"Q3D: Impurities: Guideline for Metal Impurities" - a new ICH Concept Paper

The ICH has published a Concept Paper on the development of a guideline which would harmonise the limits of metal impurities in the three large economic areas Europe, USA and Japan. For new medicines or drugs that are already marketed in Europe, a document about the limitation of metal impurities already exists, called: „Guideline on the specification limits for residues of metal catalysts or metal reagents" (EMEA/CHMP/SWP/4446/2000). However, this guideline only applies to Europe. Similar guidelines with instructions on the control of metal impurities in the other two geographical regions either do not exist or contain different requirements from the respective national authorities. Yet, as the ICH's mission is to develop harmonised guidelines for the drug and API industry in the three economic areas, it was thus logical to start "Step 1" of the ICH process to face the significant issue of metal impurities.

The Concept Paper called "Q3D: Impurities: Guideline for Metal Impurities" is not already the draft of a guideline, it is first of all a document which justifies the need for such an important and useful regulation. In brief, the justification is based on the following:

  • The Q3A guideline classifies impurities as organic, inorganic and residual solvents. The Q3A, Q3B and Q3C guidelines describe the control of organic impurities and residual solvents. There is no respective regulation for the metals mentioned in Q3A under "inorganic impurities". These will have to be worked out in the development of the new Q3D guideline.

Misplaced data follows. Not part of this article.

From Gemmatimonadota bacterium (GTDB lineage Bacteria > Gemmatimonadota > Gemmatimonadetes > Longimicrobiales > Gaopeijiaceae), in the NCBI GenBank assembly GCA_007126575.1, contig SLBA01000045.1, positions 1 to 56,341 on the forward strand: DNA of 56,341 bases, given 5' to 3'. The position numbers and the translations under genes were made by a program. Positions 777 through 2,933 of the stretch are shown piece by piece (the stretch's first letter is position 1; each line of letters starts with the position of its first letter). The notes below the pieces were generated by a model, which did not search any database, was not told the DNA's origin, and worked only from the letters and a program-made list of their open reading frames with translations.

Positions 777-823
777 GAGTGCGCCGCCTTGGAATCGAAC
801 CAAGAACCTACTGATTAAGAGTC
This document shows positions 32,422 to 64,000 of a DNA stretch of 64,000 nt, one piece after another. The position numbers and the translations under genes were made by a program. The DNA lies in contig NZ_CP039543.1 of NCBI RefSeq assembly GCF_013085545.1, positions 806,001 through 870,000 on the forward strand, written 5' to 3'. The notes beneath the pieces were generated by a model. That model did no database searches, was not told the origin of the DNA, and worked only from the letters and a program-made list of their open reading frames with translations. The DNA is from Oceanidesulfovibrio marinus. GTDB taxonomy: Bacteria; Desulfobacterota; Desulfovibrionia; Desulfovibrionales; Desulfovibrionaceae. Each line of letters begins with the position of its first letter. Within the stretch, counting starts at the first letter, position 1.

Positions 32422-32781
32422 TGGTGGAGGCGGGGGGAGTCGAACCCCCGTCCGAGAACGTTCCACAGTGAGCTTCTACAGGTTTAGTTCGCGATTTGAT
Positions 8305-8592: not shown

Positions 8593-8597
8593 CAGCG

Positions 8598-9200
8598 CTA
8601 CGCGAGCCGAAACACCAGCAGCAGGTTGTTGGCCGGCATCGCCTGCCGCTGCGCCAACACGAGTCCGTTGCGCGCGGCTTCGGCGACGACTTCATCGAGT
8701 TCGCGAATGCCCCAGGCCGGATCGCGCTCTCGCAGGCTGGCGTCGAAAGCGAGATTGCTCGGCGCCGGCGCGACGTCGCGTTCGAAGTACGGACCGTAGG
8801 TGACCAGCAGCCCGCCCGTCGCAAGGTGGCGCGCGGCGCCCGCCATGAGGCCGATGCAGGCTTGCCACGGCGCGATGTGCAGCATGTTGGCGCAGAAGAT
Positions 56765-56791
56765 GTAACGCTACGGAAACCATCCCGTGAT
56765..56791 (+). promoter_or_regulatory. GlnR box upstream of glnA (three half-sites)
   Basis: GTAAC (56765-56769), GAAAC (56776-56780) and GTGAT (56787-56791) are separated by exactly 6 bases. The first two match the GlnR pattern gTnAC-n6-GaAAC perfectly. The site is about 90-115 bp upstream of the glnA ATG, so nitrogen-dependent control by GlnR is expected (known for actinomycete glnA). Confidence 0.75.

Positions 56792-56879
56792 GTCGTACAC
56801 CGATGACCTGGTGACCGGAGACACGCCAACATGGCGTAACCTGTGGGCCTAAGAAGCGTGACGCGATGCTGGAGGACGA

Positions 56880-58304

• In the past few years, the risk factors on metal have dramatically changed. In contradiction, pharmacopoeial methods used for the quantitative assessment are most of the time no longer up-to-date (e.g. detection of metal traces from pipelines and manufacturing equipment via a sulphide precipitate). Most heavy metal limits have little basis on toxicology. 
  • The existing Q3A, Q3B and Q3C guidelines have already been integrated into the pharmacopoeial standards. An analogue inclusion of modern analytical standards for the control of metal impurities into the different pharmacopoeias would be a definitely useful complement and a significant progress.

The authors of the Concept Papers point out that the Q3D guideline to be developed will also contain aspects of risk assessment and respective regulations for the control of the supply chain. They recommend to form an expert work group composed of chemists and toxicologists to develop the document following the provisions of the already existing EMA-Guideline. The question now is to see how quick the formation of this expert working group will be and if the defined 1 to 2 year-period of time for the development of the guideline will be sufficient.

Dr Gerhard Becker
CONCEPT HEIDELBERG (a service provider entrusted by the ECA Foundation)

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